“But, ah! what means the silent
Why, e’en ’mid joy, my bosom heave?
Ye long-lost scenes, enchantments dear!
Lo! now I linger o’er your grave.
“—Fly, then, ye hours
of rosy hue,
And bear away the bloom of years!
And quick succeed, ye sickly crew
Of doubts and sorrows, pains and fears!
“Still will I ponder Fate’s
Nor, tracing back the child, forget that I am man."
[Footnote 1: Lines meditated in the cloisters of Christ’s Hospital, in the “Poetics,” of Mr. George Dyer.]
* * * * *
CONSIDERED WITH REFERENCE TO THEIR FITNESS FOR STAGE-REPRESENTATION.
Taking a turn the other day in the Abbey, I was struck with the affected attitude of a figure, which I do not remember to have seen before, and which upon examination proved to be a whole-length of the celebrated Mr. Garrick. Though I would not go so far with some good Catholics abroad as to shut players altogether out of consecrated ground, yet I own I was not a little scandalized at the introduction of theatrical airs and gestures into a place set apart to remind us of the saddest realities. Going nearer, I found inscribed under this harlequin figure the following lines:—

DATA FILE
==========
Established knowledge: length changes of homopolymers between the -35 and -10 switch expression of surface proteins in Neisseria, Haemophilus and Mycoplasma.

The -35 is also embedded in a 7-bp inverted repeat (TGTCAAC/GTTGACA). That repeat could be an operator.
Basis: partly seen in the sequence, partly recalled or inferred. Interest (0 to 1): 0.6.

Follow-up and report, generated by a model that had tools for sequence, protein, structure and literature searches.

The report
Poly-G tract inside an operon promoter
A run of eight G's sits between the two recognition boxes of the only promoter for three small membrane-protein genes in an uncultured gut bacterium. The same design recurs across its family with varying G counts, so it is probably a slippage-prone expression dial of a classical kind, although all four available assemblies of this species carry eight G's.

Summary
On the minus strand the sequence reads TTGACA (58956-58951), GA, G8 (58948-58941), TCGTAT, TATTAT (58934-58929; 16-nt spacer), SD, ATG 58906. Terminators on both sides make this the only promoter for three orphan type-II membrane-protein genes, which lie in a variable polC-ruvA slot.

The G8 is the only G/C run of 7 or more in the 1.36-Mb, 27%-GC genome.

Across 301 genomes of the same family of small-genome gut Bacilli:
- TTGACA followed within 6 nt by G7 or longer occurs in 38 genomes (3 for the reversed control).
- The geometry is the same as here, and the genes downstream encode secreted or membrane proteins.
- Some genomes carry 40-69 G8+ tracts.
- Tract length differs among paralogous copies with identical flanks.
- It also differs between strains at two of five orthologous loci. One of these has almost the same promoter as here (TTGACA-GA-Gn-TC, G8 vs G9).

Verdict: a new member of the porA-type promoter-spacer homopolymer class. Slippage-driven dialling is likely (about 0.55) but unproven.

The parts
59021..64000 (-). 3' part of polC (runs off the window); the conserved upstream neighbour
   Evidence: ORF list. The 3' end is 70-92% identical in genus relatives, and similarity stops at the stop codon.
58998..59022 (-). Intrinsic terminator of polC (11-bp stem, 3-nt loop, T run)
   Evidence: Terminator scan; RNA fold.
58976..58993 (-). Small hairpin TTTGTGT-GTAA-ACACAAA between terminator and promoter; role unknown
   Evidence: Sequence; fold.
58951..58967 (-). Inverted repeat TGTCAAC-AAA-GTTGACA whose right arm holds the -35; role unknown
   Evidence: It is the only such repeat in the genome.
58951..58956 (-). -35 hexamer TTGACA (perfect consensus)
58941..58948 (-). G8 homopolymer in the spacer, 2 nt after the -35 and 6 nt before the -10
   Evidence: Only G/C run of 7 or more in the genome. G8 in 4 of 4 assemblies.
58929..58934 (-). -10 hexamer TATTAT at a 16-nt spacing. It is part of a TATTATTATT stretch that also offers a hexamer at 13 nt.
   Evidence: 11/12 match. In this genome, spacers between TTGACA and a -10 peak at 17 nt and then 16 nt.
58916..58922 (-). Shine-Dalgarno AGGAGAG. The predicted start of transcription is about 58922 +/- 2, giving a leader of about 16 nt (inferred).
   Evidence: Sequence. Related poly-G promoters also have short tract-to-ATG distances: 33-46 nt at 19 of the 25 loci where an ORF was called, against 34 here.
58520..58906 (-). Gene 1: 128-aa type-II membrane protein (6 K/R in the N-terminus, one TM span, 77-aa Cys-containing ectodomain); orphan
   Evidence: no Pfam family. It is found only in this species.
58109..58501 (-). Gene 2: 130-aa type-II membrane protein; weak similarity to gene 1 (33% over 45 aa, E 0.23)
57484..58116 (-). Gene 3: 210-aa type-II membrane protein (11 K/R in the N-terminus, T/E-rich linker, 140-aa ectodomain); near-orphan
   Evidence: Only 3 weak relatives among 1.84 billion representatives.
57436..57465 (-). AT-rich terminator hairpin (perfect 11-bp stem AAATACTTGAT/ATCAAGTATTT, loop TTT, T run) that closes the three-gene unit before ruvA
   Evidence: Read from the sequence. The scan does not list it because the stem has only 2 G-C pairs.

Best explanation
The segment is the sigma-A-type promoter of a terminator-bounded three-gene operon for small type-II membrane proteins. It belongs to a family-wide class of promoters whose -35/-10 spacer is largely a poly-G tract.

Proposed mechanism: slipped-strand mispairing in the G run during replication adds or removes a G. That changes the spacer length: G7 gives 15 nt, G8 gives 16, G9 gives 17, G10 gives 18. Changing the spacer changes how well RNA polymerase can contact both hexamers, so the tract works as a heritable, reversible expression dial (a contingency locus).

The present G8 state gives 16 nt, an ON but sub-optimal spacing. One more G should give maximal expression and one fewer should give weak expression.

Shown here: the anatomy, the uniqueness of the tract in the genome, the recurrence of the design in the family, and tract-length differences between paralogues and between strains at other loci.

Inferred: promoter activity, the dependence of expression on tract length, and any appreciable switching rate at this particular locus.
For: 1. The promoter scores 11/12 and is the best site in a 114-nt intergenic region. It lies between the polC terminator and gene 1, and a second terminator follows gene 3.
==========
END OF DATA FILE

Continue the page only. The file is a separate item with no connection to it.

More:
“To paint fair Nature, by divine
Her magic pencil in his glowing hand,
A Shakspeare rose; then, to expand his fame
Wide o’er this breathing world, a Garrick came.
Though sunk in death the forms the Poet drew,
The Actor’s genius bade them breathe anew;
Though, like the bard himself, in night they lay,
Immortal Garrick called them back to day:
And till Eternity with power sublime
Shall mark the mortal hour of hoary Time,
Shakspeare and Garrick like twin-stars shall shine,
And earth irradiate with a beam divine.”
It would be an insult to my readers’ understandings to attempt anything like a criticism on this farrago of false thoughts and nonsense. But the reflection it led me into was a kind of wonder, how, from the days of the actor here celebrated to our own, it should have been the fashion to compliment every performer in his turn, that has had the luck to please the Town in any of the great characters of Shakspeare, with the notion of possessing a mind congenial with the poet’s; how people should come thus unaccountably